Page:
Oak Motocross Park swung open its gates/cow fence this past weekend for another great time in the country! Oak MX Park (Coalport, PA—west of State College, PA) is an enthusiast-owned (the Ecklund family) venue that retains what might have been the best of motocross. There’s low fees, a good, varied dirt track, food trucks, and a goal to have fun. This Labor Day weekend, the track hosted a “come one, come all” event for both modern and vintage riders; or, perhaps better-stated as “anyone who wants to show up.” (In 2021, Oak MX Park organized an event that was more of a vintage gathering; for whatever reasons, this year’s event was more of a combination of anyone who wanted to come out and ride or spectate, on an otherwise usually-busy holiday weekend.)
Not being ones to visit many MX races, your Vintage Motor Co. staff are not necessarily up-to-date on what constitutes a good MX gathering . . . But, we can say this about Oak Park: It’s affordable ($10 admission); it’s relaxed (no tech inspection; practice is . . . uh, now, and the vintage race begins . . . about noon, if we’re ready.); and the location is a beautiful hilltop in rural Pennsylvania. We vended (“Till all the world in every clime and place, is exposed to Vintage Motor Tees!”) and generally enjoyed a day in the country. Here are some impressions!
May we help you? Oak MX Park is well-maintained; run by regular, polite, non-weird folks (Weird folks . . . to paraphrase the US Supreme Court, you can’t exactly describe them…but you know ’em when you see ’em!); and just a nice place to visit! The track is long and varied, and incorporates bypasses to avoid the bigger jumps (if you’re on a vintage bike).
Owners were encouraged to bring along a vintage bike to display. Here are some; on the left, Maico builder extraordinaire Gig Hamilton casts admiring eyes on Dave Smeal’s beautiful pair of first-year Yamahas (’68 DT250 and ’69 AT125), then glances to see who may be watching, before boarding the 125 and attempting to race it.
Other display bikes: (left) VMC’s ’74 KX125 and modified ’73 Wheelsmith/Maico MC440; (right) Bob Wrye’s circa ’71 Maico MC125.
Racer’s meeting. Have fun, be nice, be safe.
The hilltop location is perfect—and lovely to gaze out from. Here’s a long, loamy turn that looks inviting . . .
. . . and here’s the view in another direction. The house appears to be one of the new mobile home-type “tiny houses”—perfect for placing on vacation or hunting property.
The Wrye family (Bob, Sr. and Alex) brought a number of vintage display machines. Here’s Alex with his ’82 Honda Odyssey (left). Three- and four-wheelers were just starting to become big in the 1980s; the semi-voluntary agreement by manufacturers to cease importing three-wheelers further helped four-wheeler adoption. Note the chromed DG expansion chamber on Alex’s (yes, two-stroke) Odyssey. (Right) Alex pushes the family’s ’77 Maico AW (Adolf Weil replica) 250. Note the rare stock down-pipe; most were quickly crushed on landings and replaced with the Wheelsmith (later Maico) up-pipe on later production ’77 models. (Note: The AACA Museum in Hershey, PA, is hosting their exhibit of vintage three- and four-wheelers, “ATVs: Off-road Adventure” through October, 2022.)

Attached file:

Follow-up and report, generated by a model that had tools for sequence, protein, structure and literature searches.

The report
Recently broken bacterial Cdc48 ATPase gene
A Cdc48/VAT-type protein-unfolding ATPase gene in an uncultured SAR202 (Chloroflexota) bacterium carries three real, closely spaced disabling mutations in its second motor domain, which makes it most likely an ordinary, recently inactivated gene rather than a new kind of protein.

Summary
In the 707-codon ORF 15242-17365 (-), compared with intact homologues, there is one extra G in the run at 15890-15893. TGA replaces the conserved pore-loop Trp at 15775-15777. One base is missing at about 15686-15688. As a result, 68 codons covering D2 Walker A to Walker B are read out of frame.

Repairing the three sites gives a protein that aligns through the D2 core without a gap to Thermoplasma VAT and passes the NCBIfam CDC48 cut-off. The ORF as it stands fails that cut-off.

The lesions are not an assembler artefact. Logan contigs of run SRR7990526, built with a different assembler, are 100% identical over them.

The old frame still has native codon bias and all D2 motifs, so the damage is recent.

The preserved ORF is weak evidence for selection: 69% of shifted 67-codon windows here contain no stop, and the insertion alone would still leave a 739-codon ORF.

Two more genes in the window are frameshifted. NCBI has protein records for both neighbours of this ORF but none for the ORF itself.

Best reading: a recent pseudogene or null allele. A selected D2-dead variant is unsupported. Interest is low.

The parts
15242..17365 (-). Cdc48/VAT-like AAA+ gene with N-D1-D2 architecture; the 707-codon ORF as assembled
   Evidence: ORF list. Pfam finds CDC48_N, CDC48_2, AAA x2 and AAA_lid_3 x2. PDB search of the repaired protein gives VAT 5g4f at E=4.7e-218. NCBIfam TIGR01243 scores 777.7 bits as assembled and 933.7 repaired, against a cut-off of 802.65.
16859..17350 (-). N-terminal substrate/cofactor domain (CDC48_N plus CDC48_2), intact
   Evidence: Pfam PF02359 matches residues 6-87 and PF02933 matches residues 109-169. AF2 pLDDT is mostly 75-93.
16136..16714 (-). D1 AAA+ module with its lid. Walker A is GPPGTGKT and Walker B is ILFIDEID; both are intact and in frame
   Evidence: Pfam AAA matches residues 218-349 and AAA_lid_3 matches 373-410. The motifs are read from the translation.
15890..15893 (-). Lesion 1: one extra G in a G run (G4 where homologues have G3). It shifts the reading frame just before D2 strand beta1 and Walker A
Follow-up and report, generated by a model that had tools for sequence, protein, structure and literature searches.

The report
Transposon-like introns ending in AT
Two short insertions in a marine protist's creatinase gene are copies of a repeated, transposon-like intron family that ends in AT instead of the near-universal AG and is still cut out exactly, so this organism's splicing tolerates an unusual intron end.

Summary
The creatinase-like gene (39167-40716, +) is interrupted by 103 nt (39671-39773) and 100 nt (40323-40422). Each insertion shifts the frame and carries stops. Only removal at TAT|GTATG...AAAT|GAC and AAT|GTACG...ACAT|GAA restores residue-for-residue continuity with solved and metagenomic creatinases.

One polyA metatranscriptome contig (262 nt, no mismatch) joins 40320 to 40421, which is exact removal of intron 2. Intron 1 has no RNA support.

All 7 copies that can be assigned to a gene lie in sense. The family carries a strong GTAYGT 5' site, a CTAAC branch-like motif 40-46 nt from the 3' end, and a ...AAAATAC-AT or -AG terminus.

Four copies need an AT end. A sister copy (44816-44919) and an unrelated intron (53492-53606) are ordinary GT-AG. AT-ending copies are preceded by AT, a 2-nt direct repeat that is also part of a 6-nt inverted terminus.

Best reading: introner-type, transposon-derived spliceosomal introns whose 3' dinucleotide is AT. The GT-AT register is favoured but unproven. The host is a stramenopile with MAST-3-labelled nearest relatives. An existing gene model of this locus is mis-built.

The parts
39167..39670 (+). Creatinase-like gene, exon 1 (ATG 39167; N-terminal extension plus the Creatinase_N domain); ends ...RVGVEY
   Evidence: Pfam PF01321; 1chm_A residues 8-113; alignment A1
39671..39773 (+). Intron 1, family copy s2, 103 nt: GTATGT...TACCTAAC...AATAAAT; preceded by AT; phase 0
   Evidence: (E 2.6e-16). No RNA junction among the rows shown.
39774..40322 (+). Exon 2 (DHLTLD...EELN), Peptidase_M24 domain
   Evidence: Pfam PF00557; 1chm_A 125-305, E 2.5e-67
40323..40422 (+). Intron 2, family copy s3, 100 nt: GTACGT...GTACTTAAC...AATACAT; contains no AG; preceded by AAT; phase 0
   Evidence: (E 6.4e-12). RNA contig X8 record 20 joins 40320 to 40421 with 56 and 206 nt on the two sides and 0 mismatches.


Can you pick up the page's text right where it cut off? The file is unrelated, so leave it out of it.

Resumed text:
’72 Kawasaki G5 100. Though I’ve never done the research, I sometimes wonder if there were many more small Kawasakis sold than Yamahas (or Suzukis or Hondas). How many of us started off on the indestructible Kaw 100s? Furthermore, I wish I could replicate the power curve of a Kawasaki 100, for larger two-strokes—perfectly smooth and useful! So many Kaw 100s still exist that there were either a zillion of them sold, or they were very good . . . or both!
The vintage class gets ready for the start . . .
. . . and they’re off! Dave Smeal is neck-and-neck with John Ecklund, into the first corner (both on Maicos)!
#37 Amber Hamiltion—granddaughter of Gig—rounds the sweeper on her ’74 MC250 Maico.
Ultimately, ’78 Maico MC250 Magnum driver (and track owner) John Ecklund crossed the finish line, first. John may have been just a little more familiar with the track . . . but everyone had fun!
Re-purposed woods bikes appeared for the MX: (left) an ’88 KDX250. On the right is an ’89 YZ250. When a new MX bike runs $10,000, running an older long-travel-suspended bike makes sound financial sense.
’75 Honda MT250 (left) and late-70s Suzuki PE250 on the right.
Yet, modern bikes were present. I have no idea what the modern classes were; possibly “Everybody go ride, and whoever finishes first, wins!”
Old-timey greybeards Bob Wrye, Gig Hamilton, and Dave Smeal ponder our world and dispense wisdom to young folk. Dave’s (ex-Gig Hamilton) ’74 Maico MC440 stands in front. Seeing a ten-year-younger Dave Smeal race the 440 at Unadilla was one of my favorite vintage MX memories.
Amber Hamilton’s #37 ’74 Maico MC250, prepared by Grandpa. Note the modern alloy re-creation of the “small” Maico OEM fiberglass tank, by local metal craftsman/artist Brian Morroni. Brian had created alloy tanks for many of the classic Euro brands, and his work is utterly breathtaking. (Brian can be reached at firstname.lastname@example.org, but be forewarned: it’s a long waiting list!)
Till next time, from Oak MX Park in lovely Coalport, Pennsylvania, Jan and Dave Smeal and their dogs wish you safe and happy riding, and “Ya’ll come back, next year!”